Unless you have a perfectly dimensional face, a higher IQ than Einstein and graduated Harvard at 5 years old, the chances of you having never faced rejection are very slim.
I’ll be honest, up until my second year of university, I had never experienced rejection at a high degree. The majority of the councils, extracurriculars and jobs that I applied to, I got accepted to. That’s not a good thing. All those times I had been accepted led me to believe that I was pretty decent at what I wanted to do at such a young age, that when it finally came time to being rejected for the first time (and soon to be 5), I was devastated.
Over the course of 3 months in my second year of university, I had applied to over seventy-ish jobs, only hearing back from six. In the media world, sending out seventy job applications really is nothing. When you apply to so many jobs at the same time, you start to lose track of your personality and what’s going to set you apart from other candidates. I wanted to prove that I had what it takes to hold a marketing, writing or creative position, but I reused my applications for every job, so where could I have possibly stood out? I guess you could say that was “Lesson #1: Personalize every application or you’ll be a sad bean”.
I don’t think I’m bad at writing, talking to people or finding stories to tell. But I do think I was unprepared for the competition when I sent in my applications and went in for job interviews. Consequently, I think it made me look lazy and unprepared.
The pressure to work a corporate, 9-5, paid, 40 hours a week, “commute to the city” job at 20 years old is soul-sucking and physically exhausting.
What bothered me the most about being rejected was that it snowballed into this exhausting pattern of comparing myself to every other student in my program, spending hours on LinkedIn finding out what other people my age were doing and beating myself up for not having a job in my field at 20 years old.
The pressure to work a corporate, 9-5, paid, 40 hours a week, “commute to the city” job at 20 years old is soul-sucking and physically exhausting. Here we all are at 20 years old with our hearts pounding and hands sweating at the thought of not landing our dream jobs in our second year of university. The pressure is so so real to be the best at all times and it’d be nice if we could all just pat each other on the shoulders and remind ourselves that we’re going to be okay. Life is just doing a thing.
All that being said, rejection really did put me back in place. For lack of a better term, it shook me. Hahaha, I’m sorry, can you tell I’m a millennial.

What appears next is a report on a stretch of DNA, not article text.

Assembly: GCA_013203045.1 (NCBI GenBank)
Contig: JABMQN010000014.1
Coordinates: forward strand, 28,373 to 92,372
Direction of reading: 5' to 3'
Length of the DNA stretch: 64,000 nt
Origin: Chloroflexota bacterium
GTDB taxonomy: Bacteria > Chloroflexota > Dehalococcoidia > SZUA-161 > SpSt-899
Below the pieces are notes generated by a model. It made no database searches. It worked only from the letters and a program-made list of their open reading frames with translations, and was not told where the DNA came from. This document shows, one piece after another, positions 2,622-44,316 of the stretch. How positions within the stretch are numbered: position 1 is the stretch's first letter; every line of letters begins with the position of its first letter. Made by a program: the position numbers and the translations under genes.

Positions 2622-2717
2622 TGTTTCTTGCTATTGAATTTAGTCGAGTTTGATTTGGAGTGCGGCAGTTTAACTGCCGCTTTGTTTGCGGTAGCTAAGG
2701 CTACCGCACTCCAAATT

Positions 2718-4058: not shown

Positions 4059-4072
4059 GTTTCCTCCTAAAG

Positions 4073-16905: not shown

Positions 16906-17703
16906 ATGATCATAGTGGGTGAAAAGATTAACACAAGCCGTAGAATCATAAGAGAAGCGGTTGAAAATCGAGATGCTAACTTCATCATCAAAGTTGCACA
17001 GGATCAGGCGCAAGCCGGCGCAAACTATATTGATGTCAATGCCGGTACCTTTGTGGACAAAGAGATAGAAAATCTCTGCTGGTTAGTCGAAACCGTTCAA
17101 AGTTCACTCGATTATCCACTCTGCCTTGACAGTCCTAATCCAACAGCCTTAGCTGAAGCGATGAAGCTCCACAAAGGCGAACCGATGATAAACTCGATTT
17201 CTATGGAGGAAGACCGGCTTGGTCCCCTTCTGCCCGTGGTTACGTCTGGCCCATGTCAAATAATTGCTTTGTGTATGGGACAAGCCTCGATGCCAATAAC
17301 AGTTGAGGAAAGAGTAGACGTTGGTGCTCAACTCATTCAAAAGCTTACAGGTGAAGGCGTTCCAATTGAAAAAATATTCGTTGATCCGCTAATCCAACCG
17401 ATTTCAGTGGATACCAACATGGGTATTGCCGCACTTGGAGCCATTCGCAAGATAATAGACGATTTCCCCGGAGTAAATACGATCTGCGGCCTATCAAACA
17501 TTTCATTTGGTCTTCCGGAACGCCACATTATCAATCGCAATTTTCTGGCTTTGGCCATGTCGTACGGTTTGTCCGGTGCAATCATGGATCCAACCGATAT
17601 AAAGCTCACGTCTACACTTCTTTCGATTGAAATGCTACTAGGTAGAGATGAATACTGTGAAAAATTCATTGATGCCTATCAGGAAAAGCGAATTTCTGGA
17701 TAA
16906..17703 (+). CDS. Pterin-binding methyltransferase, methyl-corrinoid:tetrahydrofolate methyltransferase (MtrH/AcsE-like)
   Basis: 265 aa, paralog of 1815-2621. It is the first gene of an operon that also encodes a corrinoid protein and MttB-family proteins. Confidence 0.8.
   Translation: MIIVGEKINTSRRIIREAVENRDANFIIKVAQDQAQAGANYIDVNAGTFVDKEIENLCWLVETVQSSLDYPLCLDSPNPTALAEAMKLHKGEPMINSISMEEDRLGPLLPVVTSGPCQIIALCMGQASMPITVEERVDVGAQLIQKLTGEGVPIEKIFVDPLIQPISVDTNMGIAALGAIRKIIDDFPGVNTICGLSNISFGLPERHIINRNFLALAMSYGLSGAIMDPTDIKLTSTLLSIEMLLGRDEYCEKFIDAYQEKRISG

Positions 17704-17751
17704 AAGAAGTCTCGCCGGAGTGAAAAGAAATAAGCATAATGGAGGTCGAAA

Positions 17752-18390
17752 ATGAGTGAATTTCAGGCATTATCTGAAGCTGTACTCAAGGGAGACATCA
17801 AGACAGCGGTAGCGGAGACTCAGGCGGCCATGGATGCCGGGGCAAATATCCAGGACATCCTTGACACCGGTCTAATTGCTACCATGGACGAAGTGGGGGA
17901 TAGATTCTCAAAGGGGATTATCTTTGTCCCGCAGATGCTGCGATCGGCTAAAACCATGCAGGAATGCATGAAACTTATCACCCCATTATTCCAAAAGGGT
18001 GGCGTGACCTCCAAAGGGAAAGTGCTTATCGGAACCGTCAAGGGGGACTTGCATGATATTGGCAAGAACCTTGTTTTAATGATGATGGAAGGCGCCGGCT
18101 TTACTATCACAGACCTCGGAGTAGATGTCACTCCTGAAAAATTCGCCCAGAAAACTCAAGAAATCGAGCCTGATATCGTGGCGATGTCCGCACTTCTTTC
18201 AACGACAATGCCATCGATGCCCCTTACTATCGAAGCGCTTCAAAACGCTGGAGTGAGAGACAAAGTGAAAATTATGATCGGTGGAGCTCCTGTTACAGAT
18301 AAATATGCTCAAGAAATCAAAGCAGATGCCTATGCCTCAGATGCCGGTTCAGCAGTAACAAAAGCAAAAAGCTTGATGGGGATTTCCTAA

What I’m trying to say is that your ego needs to shit itself and go into panic mode at least once in your life and career.
You’re never going to realize how competitive the work force is until you understand that everyone and their mother is fighting for the same positions you’re striving for. It’s a natural progression to feel proud of yourself and your accomplishments one day and to think you’re the worst at everything the next. That’s how you build character, work ethic and quite frankly, how you become a better human.
Let the rejection push you to do better, work smarter and be inspired. Maybe you’ll have to keep working that retail job for a little longer or maybe you’ll land one hell of an internship next month, regardless you should embrace the imperfections of rejection because perfection is weird and not trendy!!!!!! I’ll even block quote the shit out of that just so you know how much I mean it.
PERFECTION IS WEIRD AND NOT TRENDY!!!
And I’ll even make a ridiculous GIF out of it.
(I have no idea what any of these GIF’s mean, I just clicked on a randomizer so…)
So yeah, ‘ya get it. All of these people you know that are finding these amazing internships have already or will at some point face rejection. (Oh and by the way, when they do get rejected, don’t be rude about it. You’re never going to get where you want to be by being petty. Just thought I’d add that).
You’re going to find a job, you’re going to figure out what you want to do and everything will be okay.
Alright, love ‘ya dudes,